Published July 11, 2022 | Version v1
Dataset Open

Transcript- and annotation-guided genome assembly of the European starling

  • 1. University of New South Wales
  • 2. University of Sydney
  • 3. University of Missouri
  • 4. University of Queensland
  • 5. Cornell University
  • 6. United States Department of Agriculture
  • 7. University of Maryland, College Park
  • 8. Newcastle University
  • 9. Carnegie Museum of Natural History
  • 10. Deakin University
  • 11. University of Adelaide
  • 12. Clemson University
  • 13. Ghent University
  • 14. University of Edinburgh


The European starling, Sturnus vulgaris, is an ecologically significant, globally invasive avian species that is also suffering from a major decline in its native range. Here, we present the genome assembly and long-read transcriptome of an Australian-sourced European starling (S. vulgaris vAU), and a second North American genome (S. vulgaris vNA), as complementary reference genomes for population genetic and evolutionary characterisation. S. vulgaris vAU combined 10x Genomics linked-reads, low-coverage Nanopore sequencing, and PacBio Iso-Seq full-length transcript scaffolding to generate a 1050 Mb assembly on 1,628 scaffolds (72.5 Mb scaffold N50). Species-specific transcript mapping and gene annotation revealed high structural and functional completeness (94.6% BUSCO completeness). Further scaffolding against the high-quality zebra finch (Taeniopygia guttata) genome assigned 98.6% of the assembly to 32 putative nuclear chromosome scaffolds. Rapid, recent advances in sequencing technologies and bioinformatics software have highlighted the need for evidence-based assessment of assembly decisions on a case-by-case basis. Using S. vulgaris vAU, we demonstrate how the multifunctional use of PacBio Iso-Seq transcript data and complementary homology-based annotation of sequential assembly steps (assessed using a new tool, SAAGA) can be used to assess, inform, and validate assembly workflow decisions. We also highlight some counter-intuitive behaviour in traditional BUSCO metrics, and present BUSCOMP, a complementary tool for assembly comparison designed to be robust to differences in assembly size and base-calling quality. Finally, we present a second starling assembly, S. vulgaris vNA, to facilitate comparative analysis and global genomic research on this ecologically important species.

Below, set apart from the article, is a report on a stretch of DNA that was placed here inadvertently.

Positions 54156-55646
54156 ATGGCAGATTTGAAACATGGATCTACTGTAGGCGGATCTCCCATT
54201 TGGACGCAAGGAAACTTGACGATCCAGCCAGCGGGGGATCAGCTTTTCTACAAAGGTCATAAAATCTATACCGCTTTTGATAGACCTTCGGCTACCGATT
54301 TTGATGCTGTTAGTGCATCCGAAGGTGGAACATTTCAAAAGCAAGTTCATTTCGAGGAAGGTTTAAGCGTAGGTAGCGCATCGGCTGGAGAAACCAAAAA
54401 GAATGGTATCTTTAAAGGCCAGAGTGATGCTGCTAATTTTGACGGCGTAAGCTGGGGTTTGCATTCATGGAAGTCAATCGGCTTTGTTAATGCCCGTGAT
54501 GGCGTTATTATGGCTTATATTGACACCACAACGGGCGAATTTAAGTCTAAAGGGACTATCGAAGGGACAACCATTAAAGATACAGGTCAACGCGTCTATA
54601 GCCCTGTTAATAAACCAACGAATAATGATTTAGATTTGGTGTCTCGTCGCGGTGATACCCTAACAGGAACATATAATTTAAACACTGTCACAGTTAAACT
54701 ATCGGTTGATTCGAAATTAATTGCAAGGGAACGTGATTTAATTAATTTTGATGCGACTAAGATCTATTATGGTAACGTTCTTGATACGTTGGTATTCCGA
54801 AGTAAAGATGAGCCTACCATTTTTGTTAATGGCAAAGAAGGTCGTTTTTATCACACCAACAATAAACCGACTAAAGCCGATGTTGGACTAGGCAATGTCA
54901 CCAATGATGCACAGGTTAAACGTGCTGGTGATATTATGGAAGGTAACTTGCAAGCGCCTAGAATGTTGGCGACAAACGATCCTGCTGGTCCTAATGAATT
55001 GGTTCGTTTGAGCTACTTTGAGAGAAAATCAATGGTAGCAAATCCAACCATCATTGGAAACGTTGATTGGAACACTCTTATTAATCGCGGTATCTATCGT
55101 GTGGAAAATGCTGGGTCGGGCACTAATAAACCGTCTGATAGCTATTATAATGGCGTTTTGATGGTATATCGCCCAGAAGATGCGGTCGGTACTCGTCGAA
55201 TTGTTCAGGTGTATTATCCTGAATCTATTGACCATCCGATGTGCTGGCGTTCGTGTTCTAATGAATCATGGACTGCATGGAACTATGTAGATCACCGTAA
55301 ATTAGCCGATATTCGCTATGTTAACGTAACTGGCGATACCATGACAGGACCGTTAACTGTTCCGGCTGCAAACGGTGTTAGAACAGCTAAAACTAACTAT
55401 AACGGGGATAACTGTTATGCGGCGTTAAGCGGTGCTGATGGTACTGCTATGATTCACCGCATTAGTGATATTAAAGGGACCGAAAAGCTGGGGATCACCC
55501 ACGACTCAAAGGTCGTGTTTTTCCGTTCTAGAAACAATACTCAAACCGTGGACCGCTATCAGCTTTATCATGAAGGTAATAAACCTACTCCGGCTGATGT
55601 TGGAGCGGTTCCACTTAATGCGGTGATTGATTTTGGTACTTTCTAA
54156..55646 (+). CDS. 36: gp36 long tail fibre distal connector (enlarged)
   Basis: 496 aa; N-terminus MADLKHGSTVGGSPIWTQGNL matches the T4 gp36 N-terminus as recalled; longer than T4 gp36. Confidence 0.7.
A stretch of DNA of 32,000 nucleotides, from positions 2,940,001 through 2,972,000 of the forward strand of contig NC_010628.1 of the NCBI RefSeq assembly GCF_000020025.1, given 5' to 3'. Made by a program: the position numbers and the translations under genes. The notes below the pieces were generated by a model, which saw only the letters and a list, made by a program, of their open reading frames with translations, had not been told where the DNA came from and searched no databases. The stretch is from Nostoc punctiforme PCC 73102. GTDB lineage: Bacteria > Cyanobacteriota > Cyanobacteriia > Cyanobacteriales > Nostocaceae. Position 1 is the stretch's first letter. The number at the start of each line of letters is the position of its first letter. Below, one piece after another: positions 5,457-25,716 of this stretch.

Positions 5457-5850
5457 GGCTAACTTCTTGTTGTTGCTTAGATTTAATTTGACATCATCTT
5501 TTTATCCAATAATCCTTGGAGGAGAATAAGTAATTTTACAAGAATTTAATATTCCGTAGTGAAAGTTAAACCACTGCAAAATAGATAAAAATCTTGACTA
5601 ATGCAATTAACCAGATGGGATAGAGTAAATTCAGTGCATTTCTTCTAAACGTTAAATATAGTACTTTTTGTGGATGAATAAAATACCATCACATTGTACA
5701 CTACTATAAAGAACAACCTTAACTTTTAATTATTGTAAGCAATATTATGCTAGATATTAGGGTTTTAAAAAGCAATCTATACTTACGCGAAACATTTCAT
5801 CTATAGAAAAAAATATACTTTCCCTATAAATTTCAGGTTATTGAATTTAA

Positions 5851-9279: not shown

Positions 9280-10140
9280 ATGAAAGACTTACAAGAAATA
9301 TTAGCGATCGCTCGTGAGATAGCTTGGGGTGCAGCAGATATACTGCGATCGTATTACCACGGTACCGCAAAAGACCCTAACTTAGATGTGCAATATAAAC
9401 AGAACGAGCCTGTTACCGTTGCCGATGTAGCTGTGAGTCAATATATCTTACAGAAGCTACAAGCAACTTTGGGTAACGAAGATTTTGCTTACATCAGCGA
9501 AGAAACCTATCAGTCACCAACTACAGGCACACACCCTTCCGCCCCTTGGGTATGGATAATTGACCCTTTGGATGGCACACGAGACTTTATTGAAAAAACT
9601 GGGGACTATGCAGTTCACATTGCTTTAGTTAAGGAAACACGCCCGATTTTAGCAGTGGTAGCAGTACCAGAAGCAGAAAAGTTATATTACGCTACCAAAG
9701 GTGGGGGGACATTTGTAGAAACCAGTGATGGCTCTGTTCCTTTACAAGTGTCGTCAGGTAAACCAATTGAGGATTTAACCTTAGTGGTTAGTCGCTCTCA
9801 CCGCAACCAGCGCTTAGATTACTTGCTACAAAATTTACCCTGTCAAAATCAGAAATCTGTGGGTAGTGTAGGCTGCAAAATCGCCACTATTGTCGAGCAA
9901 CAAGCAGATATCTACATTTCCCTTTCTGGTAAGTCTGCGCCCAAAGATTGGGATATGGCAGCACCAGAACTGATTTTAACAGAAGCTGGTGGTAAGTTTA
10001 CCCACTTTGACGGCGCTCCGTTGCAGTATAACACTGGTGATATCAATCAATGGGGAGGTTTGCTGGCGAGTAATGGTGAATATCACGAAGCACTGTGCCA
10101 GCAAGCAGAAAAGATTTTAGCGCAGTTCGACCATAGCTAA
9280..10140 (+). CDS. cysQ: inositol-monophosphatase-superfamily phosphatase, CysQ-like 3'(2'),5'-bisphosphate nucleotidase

Funding provided by: Australian Research Council
Crossref Funder Registry ID:
Award Number: LP160100610

Funding provided by: Australian Research Council
Crossref Funder Registry ID:
Award Number: LP18010072

Funding provided by: Human Sciences Frontier Programme*
Crossref Funder Registry ID:
Award Number: RGP0030/2015

Funding provided by: Roslin Institute Strategic Grant*
Crossref Funder Registry ID:
Award Number: BB/P013759/1

Funding provided by: UNSW Scientia Fellowship*
Crossref Funder Registry ID:
Award Number:



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Additional details

Related works

Is cited by
10.1101/2021.04.07.438753 (DOI)
Is derived from
10.5281/zenodo.6814567 (DOI)
Is source of
10.5281/zenodo.6814569 (DOI)